Kevin: But the difference, Dave, is 5%. You are talking about 1.36% in Germany, and in Spain right now…
David: Nearly 6½.
Kevin: For the person who remembers years ago, when on a Treasury bill, you could get, safely, 6½ percent, and really, you knew you probably were not going to lose money, the dollar was king, this is a little different. Getting 6½ percent in Spain means – how many days?
David: Exactly, and what they are viewing as a full-blown crisis level is at 7 percent, which made everyone twitchy when Italy was moving toward that level. So we see 6½ in Spain today, in the next few weeks we may see yields exceed 7%. The German bond market, again, is reflecting liquidity concerns, just like the U.S. Treasury market does here, as well. For anyone supposing that the whole euro project is going to fail, consider the implied windshield risk.
Kevin: Okay, now, wait a second. You’re a man of many technical terms. Is this a technical term for the bug just about the hit the windshield?
David: Exactly. Very technical. “Splat” is how you would describe Spain, Portugal, Greece. These are the bugs, if you will.
Kevin: And Germany is the windshield.
David: The windshield, yeah. But if you are looking at the German yield, just like the U.S. Treasury, you’re not seeing failure on the horizon. You’re not seeing failure tomorrow. You are seeing safety relative to these other asset classes. Ireland obviously already had its “impact moment.” But what we are getting ready to see, I think, is an impact moment for both Greece and Spain.
By the way, the Greece market for ten-year treasuries is at 28.21% today. Again, by comparison, Spain is just fine relative to Greece, but relative to other members in the euro area, with the French bonds yielding 2½ percent, U.K. being at about 1.77%, you can get an idea about where the risk is. The U.K. is in a tough fiscal position, but Spain is still priced in as a worse risk by over 100%.
Kevin: I’m going to bring this back home, Dave, because of a lot of the listeners that we have are worldwide listeners. They invest in Europe, they invest in Asia. But the lion’s share of people who listen to this program are sitting here, in America, saying, “All right, I keep hearing about Europe. It always looks like it is on the brink of failure. There is always some reason why it is just about to fail, but it doesn’t fail, and actually, how in the world does that affect me?”
We have had guests on who have said that this, actually, is something that will culminate as a death blow, not to Europe, but the United States, because of derivatives, because of these hundreds of billions instead being trillions here in America. Can you tie those two in, and tell the American listener, the average, educated American listener, why in the world this European situation is going to affect them, and how much it will affect the pocket book of Wall Street.
David: Sure. I think the focus on derivatives is a healthy one. First of all, the derivatives market is huge, it’s complex, and by design, it’s meant to divide up the risk of a given asset so that the risk can be more appropriately assumed by an investor willing to take on that risk, with generally higher rewards, as well. What that is intended to do, what that is meant to lower…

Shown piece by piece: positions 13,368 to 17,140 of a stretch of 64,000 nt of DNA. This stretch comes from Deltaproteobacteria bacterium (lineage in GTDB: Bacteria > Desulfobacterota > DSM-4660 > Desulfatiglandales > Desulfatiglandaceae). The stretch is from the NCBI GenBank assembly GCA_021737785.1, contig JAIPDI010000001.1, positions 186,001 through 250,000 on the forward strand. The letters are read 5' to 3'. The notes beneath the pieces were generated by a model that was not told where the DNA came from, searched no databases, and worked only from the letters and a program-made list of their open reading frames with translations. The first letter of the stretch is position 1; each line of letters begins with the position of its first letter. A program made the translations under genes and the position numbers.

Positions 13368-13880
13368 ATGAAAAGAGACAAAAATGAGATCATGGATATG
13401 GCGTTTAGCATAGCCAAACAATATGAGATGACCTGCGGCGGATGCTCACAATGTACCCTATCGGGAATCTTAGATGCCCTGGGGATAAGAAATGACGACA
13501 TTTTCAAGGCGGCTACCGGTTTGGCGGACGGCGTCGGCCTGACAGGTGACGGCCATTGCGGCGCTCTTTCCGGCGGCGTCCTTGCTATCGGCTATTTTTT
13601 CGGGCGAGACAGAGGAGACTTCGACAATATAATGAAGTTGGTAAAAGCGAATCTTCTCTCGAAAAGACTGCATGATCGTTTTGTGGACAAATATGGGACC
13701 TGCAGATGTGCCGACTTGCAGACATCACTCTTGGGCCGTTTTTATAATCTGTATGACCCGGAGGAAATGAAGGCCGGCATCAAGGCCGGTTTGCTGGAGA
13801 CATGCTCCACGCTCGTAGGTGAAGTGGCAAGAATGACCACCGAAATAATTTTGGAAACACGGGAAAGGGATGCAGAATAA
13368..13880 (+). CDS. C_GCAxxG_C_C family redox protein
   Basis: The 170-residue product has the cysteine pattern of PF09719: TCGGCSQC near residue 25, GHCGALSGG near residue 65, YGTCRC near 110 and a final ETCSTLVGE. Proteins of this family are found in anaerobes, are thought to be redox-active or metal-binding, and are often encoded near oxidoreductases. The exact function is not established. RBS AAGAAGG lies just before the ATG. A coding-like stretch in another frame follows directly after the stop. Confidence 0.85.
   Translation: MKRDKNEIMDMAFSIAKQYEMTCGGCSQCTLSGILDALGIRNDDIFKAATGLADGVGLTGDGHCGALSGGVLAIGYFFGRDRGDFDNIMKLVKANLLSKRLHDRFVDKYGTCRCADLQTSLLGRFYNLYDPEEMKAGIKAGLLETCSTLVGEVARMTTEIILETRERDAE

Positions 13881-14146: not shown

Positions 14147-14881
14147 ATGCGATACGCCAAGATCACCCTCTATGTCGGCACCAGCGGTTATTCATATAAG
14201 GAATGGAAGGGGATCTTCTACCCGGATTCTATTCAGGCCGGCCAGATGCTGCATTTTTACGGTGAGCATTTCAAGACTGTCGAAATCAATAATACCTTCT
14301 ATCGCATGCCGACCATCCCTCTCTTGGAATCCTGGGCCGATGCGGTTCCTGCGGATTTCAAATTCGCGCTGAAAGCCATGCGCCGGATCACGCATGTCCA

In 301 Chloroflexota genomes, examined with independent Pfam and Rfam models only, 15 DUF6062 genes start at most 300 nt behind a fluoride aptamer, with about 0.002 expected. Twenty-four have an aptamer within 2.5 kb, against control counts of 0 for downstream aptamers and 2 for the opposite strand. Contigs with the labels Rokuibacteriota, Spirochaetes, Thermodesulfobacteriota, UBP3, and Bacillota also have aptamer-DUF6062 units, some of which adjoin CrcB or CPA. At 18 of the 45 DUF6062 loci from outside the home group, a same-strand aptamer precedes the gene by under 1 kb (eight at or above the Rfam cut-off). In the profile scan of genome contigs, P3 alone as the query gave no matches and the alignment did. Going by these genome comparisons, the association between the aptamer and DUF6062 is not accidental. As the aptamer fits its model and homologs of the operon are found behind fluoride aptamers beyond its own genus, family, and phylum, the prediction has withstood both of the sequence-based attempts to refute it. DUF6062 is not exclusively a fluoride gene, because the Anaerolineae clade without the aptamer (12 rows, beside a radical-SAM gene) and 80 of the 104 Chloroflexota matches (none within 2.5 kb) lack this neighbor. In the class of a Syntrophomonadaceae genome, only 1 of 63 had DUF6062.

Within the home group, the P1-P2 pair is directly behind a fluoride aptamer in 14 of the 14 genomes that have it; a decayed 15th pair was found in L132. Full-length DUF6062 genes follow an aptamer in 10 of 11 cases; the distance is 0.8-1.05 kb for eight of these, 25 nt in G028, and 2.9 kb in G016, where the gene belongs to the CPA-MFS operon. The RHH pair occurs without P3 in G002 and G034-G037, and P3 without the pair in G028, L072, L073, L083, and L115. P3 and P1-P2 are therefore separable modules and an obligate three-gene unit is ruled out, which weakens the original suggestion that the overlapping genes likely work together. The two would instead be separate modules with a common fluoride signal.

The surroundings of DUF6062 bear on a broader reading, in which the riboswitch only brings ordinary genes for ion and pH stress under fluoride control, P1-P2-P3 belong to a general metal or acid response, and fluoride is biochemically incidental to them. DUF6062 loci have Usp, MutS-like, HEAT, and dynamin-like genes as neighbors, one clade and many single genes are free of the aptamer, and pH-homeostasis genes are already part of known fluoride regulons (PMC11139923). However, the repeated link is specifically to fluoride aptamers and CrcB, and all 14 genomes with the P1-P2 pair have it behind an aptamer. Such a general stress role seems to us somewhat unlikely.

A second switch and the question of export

Kevin: It’s supposed to spread that risk around.
David: Exactly, and by spreading the risk around, theoretically, it is reducing total systemic risk. But Wall Street took the notion of lower risk, by better apportionment, and simply multiplied the number of risky bets…
Kevin: They just leveraged it.
David: Exactly, believing that such actions were allowable following the limited, or, as we mentioned, the spreading, of existing risk.
Kevin: What is the primary consequence of that?
David: You do end up with greater systemic risk, today, than ever before. In fact, if you go back to that 1998 event where the U.S. financial market was a bug quickly approaching the windshield…
Kevin: Are you talking about LTCM?
David: Long-Term Capital Management, and the implosion of one company run by a bunch of MIT scholars. Kevin, the bets in play, and what was at risk at that time, was the equivalent of 3.7 times GDP. This was the derivatives market, domestic only, in the United States.
Kevin: Which is still huge – 3.7 times all of Gross Domestic Product for America.
David: Right, but the problem is, today, and in fact, over the last 14 years, that the derivatives market has grown to where it is now 15 times that of GDP. This last year was the first time since LTCM that growth in the size of that market actually stalled. It had been running at about a 19% annual rate.
Kevin: What you are saying is that the derivatives market has ratcheted up from 3.7 times our GDP during the LTCM problem, now to 15 times, but it is not growing anymore. Is that what you are saying?
David: That’s correct. The notional value of the world’s derivative market stands at roughly 700 trillion, with U.S. commercial banks carrying about 231 trillion of domestic derivatives. When you look at U.S. commercial institutions, and there are both domestic derivatives and international, that puts you closer to 300 trillion dollars in notional value.